A team of creative experts – featuring the talents of Lisa Liddell, Chris Lines and Ian Ramsay with top advertising agency Different – seized the opportunity to showcase the region’s charms to a national audience.

Offered the chance by my employer One North East to lead on public relations for the event, I found myself with barely believable access to a man who had been my sporting idol for 25 years. Luck, chance, circumstance, all rolled into one!

Lost in translation

Northumberland meets Pedrena, London as go between

The success of the Seve Trophy from the North East’s perspective hinged on Seve, his charisma guaranteeing crowds and media coverage.

I found him a fiery, complex man struggling to accept his days at the pinnacle of the game were gone and never to return. But hugely charismatic with it – his effect on people incredible to witness.

On my first encounter with him (pictured above), he told me to stop talking, struggling to understand my nervous Northumbrian twang, asking if I was from Scotland.

I didn’t disagree, incapable of meaningful conversation.

‘Caddying’ for him for three holes in a report for Sky Sports, I merely handed him the clubs he wanted and watched with a sense of melancholy as he recreated his famous fist punching reaction to holing the winning putt on the final hole at St Andrew’s in the 1984 Open.

Seve liked what he saw at Wynyard: “I’m very happy that I’ve been able to see the course – it is a fantastic place and it was good to choose a place like this,” he told reporters.

“It is more a combination between links golf on the back nine and parkland on the front nine and it reminds me very much of my course back home.

“I hope the North East public will come to the event. They will see some great golf and I’m looking forward to watching Jose Maria play against Monty – I might even caddy for Jose Maria!”

At Hardwick Hall Hotel, Seve’s appearance outside to speak with TV crews turned a grown man into jelly.

Nipping outside for a cigarette break to escape a dull corporate seminar, he did a comedy cartoon-style double take before asking child-like if he could have Seve’s autograph.

The great man agreed and a lifelong story to tell was guaranteed for one beaming punter.

Other grown men were unable to speak, frozen when around him. Seeing Seve is shock enough, but bumping into him mid-week in a County Durham hotel. No chance!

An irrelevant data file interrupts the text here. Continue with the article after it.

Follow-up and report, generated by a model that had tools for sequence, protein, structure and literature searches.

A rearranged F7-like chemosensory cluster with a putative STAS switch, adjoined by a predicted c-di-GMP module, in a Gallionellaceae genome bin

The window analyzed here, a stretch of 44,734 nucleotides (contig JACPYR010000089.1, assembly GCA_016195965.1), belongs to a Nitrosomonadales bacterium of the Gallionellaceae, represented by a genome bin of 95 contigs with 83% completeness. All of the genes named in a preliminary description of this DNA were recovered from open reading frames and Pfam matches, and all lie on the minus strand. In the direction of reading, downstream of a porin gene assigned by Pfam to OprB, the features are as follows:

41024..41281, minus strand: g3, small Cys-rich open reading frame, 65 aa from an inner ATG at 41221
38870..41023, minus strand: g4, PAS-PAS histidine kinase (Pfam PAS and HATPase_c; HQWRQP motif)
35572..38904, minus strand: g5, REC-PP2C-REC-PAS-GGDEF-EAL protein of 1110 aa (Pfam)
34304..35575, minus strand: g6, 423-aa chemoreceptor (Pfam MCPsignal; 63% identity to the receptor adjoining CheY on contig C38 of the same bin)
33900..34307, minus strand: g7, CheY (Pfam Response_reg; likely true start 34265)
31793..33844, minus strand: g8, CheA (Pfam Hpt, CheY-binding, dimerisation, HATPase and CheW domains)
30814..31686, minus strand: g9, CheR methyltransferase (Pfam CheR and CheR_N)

Faded glory

Seve cut a lean, trim figure for the 2005 event.

On a strict training regime of daily cycling and swimming, he was in preparation for a return to play the Open the next year, convinced – despite media incredulity at the packed news conference – that he could recapture his former glories.

He was non-playing host at The Wynyard Club, his troublesome back still causing him problems, prompting him to hand over the Continental Europe captaincy to Olazabal with Montgomerie leading Great Britain and Ireland’s charge.

Seve was the man about Teesside in the run up to the event. Hosting a golf clinic at Wynyard for youngsters, guest of honour at a dinner at Ormesby Hall and unveiled to Middlesbrough fans at half-time on match day at the Riverside Stadium.

It was clear during unguarded moments that back pain was troubling him, as it had plagued much of his career.

His rapid fall from the top of the game to hardly being able to hit a fairway surely the result of crippling immobility.

He stretched out in obvious discomfort leaning from a wardrobe door in his room before meeting with Paul Kimmage, granted a one-to-one audience by top media man John Collard of Sports Impact representing Amen Corner for the event.

Londoner John (pictured centre above) found the array of North East accents as big a challenge as Seve and his entourage – Queen’s English at a premium all week as I translated for him at meal times.

Room service

Looking for a quiet space away from fans and other reporters after the news conference, retiring to Seve’s small bedroom seemed the only logical option.

Once in there, a lack of space means the bed is the obvious choice for the two to get to know each other better!

I watch on, pretty much redundant, John at the side of the room, as two masters of their respective crafts go toe to toe.